Economic Factors in Bank Loans on Oil and Gas Production
- Charles R. Dodson (The First National City Bank of New York) | John S. McGee (U. of Chicago)
- Document ID
- Society of Petroleum Engineers
- Journal of Petroleum Technology
- Publication Date
- October 1958
- Document Type
- Journal Paper
- 27 - 30
- 1958. Original copyright American Institute of Mining, Metallurgical, and Petroleum Engineers, Inc. Copyright has expired.
- 5.7 Reserves Evaluation, 4.2 Pipelines, Flowlines and Risers, 4.1.2 Separation and Treating
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As is now well known, oil producers borrow from banks for operating and capital purposes, including the development and purchase of producing properties. Sound bank loans on oil and gas producing properties depend on a thorough analysis and correct evaluation of numerous credit considerations. These can be segregated, for convenience, into five major groups: management, engineering, legal, regulatory and economic.
All are important to banks. Heretofore, only management and engineering, and to a lesser extent, legal and regulatory considerations have been popular topics for analysis. Purely economic considerations appear to have received too little publicity.
Consequently, our purpose here is to remedy this situation in part by the discussion of several of the important economic considerations and to explain why we think they are important. However, before proceeding we should first review the nature and requirements of commercial banking in order to understand why lending officers must consider these economic factors.
Banker's Point of View
Bank officers are prudent and enterprising business men, capable of evaluating potential loans in the light of the bank's lending and liquidity policies. Bankers respect and honor the requests and needs of their customers who have established banking relationships; i.e., those who have used credit, deposit and other bank services. In the case of loan applications from new customers, the banker is interested in the long-run potentiality for a growing relationship in regard to deposits and use of bank services as well as future loans. A banker has in mind not only his obligations to stockholders and depositors, but also the legal requirements and the relatively low rate of return on loans. Further, the bank must help the borrower to avoid difficulties and accomplish efficiently his financial objectives. Frequently, businessmen do not fully appreciate these obligations and restrictions or realize that these are applicable to oil loans.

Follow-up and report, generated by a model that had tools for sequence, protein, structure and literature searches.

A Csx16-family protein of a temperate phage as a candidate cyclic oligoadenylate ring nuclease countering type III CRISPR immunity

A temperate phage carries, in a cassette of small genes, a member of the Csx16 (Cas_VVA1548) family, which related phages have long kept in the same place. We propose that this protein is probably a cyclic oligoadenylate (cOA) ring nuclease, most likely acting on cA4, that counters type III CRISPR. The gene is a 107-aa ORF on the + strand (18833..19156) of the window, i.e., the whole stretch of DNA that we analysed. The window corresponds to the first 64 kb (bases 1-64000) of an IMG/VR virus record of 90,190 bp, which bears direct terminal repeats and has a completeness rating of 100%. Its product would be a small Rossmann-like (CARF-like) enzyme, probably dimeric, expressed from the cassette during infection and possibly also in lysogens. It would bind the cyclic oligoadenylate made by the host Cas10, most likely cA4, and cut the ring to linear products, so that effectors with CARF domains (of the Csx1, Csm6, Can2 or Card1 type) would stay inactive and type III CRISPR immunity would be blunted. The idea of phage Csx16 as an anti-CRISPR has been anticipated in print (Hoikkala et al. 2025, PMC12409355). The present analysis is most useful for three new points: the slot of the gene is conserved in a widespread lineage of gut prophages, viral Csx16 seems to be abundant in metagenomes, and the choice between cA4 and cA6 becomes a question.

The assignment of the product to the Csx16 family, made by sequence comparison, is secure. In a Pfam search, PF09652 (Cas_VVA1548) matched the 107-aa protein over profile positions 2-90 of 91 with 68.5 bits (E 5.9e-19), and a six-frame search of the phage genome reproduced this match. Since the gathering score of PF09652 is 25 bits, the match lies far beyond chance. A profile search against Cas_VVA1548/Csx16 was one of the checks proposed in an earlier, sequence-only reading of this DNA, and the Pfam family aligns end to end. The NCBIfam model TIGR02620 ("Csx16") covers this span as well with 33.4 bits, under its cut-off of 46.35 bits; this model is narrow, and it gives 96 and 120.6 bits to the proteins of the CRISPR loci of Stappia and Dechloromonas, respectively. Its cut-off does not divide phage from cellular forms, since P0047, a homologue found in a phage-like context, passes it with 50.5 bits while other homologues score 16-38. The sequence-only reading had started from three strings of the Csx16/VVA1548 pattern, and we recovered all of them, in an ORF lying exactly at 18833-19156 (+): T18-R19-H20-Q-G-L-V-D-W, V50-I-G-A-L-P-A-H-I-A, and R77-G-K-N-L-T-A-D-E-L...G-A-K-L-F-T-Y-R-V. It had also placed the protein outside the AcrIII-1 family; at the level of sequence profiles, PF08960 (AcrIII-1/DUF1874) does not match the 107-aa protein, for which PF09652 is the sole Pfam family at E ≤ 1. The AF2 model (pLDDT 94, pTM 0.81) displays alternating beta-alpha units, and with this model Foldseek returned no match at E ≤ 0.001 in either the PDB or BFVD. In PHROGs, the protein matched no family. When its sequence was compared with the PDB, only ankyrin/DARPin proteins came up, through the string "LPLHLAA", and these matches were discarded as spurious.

The petroleum industry is a complicated giant composed of many interrelated segments - producing, transportation, refining and marketing - which are vital to our economy. As we hope to show later, the industry regardless of its huge size is not independent of or isolated from the national economy. If this is true then sound loans in the oil producing segment require not only a thorough and current knowledge of the industry, but a "feel" for economics as well. This is equally important to the borrower in order to tailor a loan that properly fits his needs and capacity to repay as promised.
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